The youngest in a long line of witches, Ari senses things are changing for the worse. For generations, her kin have tended the Old Places, keeping the land safe and fertile. Now, she finds herself torn between the world of mortals and the world of Fae, who ignore what occurs in the mortal world, for the roads between the two lands are vanishing into thin air.
©2001 Anne Bishop (P)2010 Penguin
"Bishop only adds luster to her reputation for fine fantasy." (Booklist)
Make sure to listen to the sample before purchasing this. I did not and really regret it. While some may not be bothered by the narrator, I was. He has a strange way of ending the sentences that makes every sentence almost sound like a question. I found it very distracting and unfortunately can not finish this. I've enjoyed every other Anne Bishop book I've read, or listened to so I know it's the narrator.
I have loved the Tir Alainn trilogy since I was a teen, and the audiobook version doesn't disappoint. The reader reminds me of John Sherian (sp?), who narrated all of the Black Jewels books. He has a little less variety as far as character voices are concerned, but his accent is the same, and he still seems to -perform- the book, more than -reading- it.
Give it a shot, especially if you liked the BJT. You won't be disappointed. Another review said it sounded like every sentence read was a question. I respectfully disagree. The Dune narrator had that problem for me and I couldn't listen because of it. I didn't have that issue here at all.
The Black Jewels Trilogy, and the Crucible. It's got all the mingling whimsy and brooding darkness of the BJT, and is a fantastical sort of rendition of classic witch burning drama.
His tempo is perfect. There are some scenes where a seamless transition is absolutely warranted, and he aced them all. He lets silence linger when it ought to as well.
Yes, but I fear I'd be spoiling it a bit much if I said what. Let's just say it involves Morag and a bargain.
Like any of Bishop's books, my one criticism is that she draws from obvious sources. This is not at all disguised fluffy pagan, "Wiccan" type fantasy. If that doesn't bother you, it's a good read. If you're bothered by constant references to earth as "the Mother," references to four branches of magic, the regrettably titled "Wiccanfae" and blatant references to the Wiccan rede and the Christian Bible, stay away.
I am actually listening to the series a second time right now. The story is wonderfully told (the 2nd and the 3rd are even better) Like many of Anne Bishop's characters, these are ones that you are really able to grow attached to. I really wish she would write more in this series.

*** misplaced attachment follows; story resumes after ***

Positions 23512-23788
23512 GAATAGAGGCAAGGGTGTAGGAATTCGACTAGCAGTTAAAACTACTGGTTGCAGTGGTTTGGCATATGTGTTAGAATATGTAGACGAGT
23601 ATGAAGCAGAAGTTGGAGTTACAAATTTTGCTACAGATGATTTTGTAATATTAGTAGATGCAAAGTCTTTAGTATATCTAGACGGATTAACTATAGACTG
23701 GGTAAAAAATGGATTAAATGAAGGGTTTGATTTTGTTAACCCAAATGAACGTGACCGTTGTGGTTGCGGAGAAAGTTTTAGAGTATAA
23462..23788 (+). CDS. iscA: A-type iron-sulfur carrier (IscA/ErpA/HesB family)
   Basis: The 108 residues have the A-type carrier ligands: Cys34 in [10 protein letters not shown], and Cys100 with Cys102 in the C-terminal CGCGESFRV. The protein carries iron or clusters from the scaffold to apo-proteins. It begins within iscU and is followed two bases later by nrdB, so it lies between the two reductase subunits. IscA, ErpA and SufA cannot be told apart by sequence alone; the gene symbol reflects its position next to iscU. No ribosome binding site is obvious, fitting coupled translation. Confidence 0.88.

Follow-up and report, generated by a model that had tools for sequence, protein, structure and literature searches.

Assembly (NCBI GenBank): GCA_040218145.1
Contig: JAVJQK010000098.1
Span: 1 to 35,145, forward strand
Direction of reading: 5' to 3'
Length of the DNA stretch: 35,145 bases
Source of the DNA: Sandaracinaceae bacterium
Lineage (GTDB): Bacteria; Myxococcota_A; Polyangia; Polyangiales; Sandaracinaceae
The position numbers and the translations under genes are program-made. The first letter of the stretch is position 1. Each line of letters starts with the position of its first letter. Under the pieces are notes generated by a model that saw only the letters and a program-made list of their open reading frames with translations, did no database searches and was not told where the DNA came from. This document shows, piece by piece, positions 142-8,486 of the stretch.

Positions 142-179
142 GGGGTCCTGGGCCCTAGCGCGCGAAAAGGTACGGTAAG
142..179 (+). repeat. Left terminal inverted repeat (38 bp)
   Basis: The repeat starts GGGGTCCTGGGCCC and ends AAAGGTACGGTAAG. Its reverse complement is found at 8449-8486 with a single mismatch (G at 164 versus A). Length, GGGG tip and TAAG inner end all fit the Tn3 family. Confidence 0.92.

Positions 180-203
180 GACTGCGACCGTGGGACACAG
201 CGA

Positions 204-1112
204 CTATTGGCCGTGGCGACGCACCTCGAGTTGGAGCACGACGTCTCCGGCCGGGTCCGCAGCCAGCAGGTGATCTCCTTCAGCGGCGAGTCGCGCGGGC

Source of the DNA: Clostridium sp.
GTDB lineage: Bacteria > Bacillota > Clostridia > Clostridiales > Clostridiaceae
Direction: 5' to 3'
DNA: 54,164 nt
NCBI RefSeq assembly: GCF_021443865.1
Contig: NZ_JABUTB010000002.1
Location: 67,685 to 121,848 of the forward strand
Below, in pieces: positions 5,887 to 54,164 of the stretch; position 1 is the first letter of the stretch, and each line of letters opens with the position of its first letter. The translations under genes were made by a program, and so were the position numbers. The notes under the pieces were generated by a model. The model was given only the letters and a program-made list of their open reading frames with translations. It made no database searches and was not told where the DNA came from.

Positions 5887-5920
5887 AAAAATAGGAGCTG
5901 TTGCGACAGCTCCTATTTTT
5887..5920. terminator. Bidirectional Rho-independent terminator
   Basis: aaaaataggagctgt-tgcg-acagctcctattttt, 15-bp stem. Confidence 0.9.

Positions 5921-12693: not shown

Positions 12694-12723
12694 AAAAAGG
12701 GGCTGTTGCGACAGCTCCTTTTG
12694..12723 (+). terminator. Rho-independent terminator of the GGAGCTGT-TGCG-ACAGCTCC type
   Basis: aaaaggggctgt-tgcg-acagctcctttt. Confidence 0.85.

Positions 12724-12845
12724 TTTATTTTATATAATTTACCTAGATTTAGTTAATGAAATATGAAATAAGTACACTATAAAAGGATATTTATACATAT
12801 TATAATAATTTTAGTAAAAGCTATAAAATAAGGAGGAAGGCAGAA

I love the bantering that happens between the male and female characters. There are quite a few "laugh out loud" moments.
Honestly, he took a few chapters to get used to. There was always this sort of "inflection" at the end of each sentence that was annoying at first when he was just reading non-dialogue stuff. However, once he started getting into the characters voices, he really does quite well and didn't find the inflection annoying anymore. (I still like John Sherian best for Anne Bishop's books)
Defnitely! I would love to be able to listen to all 3 books in the series in one sitting. Alas, I must have a job to be able to pay for my book habit.
Listen to all 3 books! The first is a good tale but it really just sets the background for the other 2 which are awesome!
I'm about a quarter of the way through listening to this book and am truly enjoying the story. However, I agree wholeheartedly with John and P Brown about the narrator. He sounds as though he would do better reading a technical manual. This story could be a much easier listen. A female narrator would give a total different tone on the book.
Anne Bishop, in my estimation hasn't written a bad book yet. In this series, the central players are the witches and the Fey and the war against the inquisitors. As with all her works, the characters are rich and the story flows well. The only downside is the narration by Erik Synnestvedt, who has an almost 'Capt. Kirk' style of speaking
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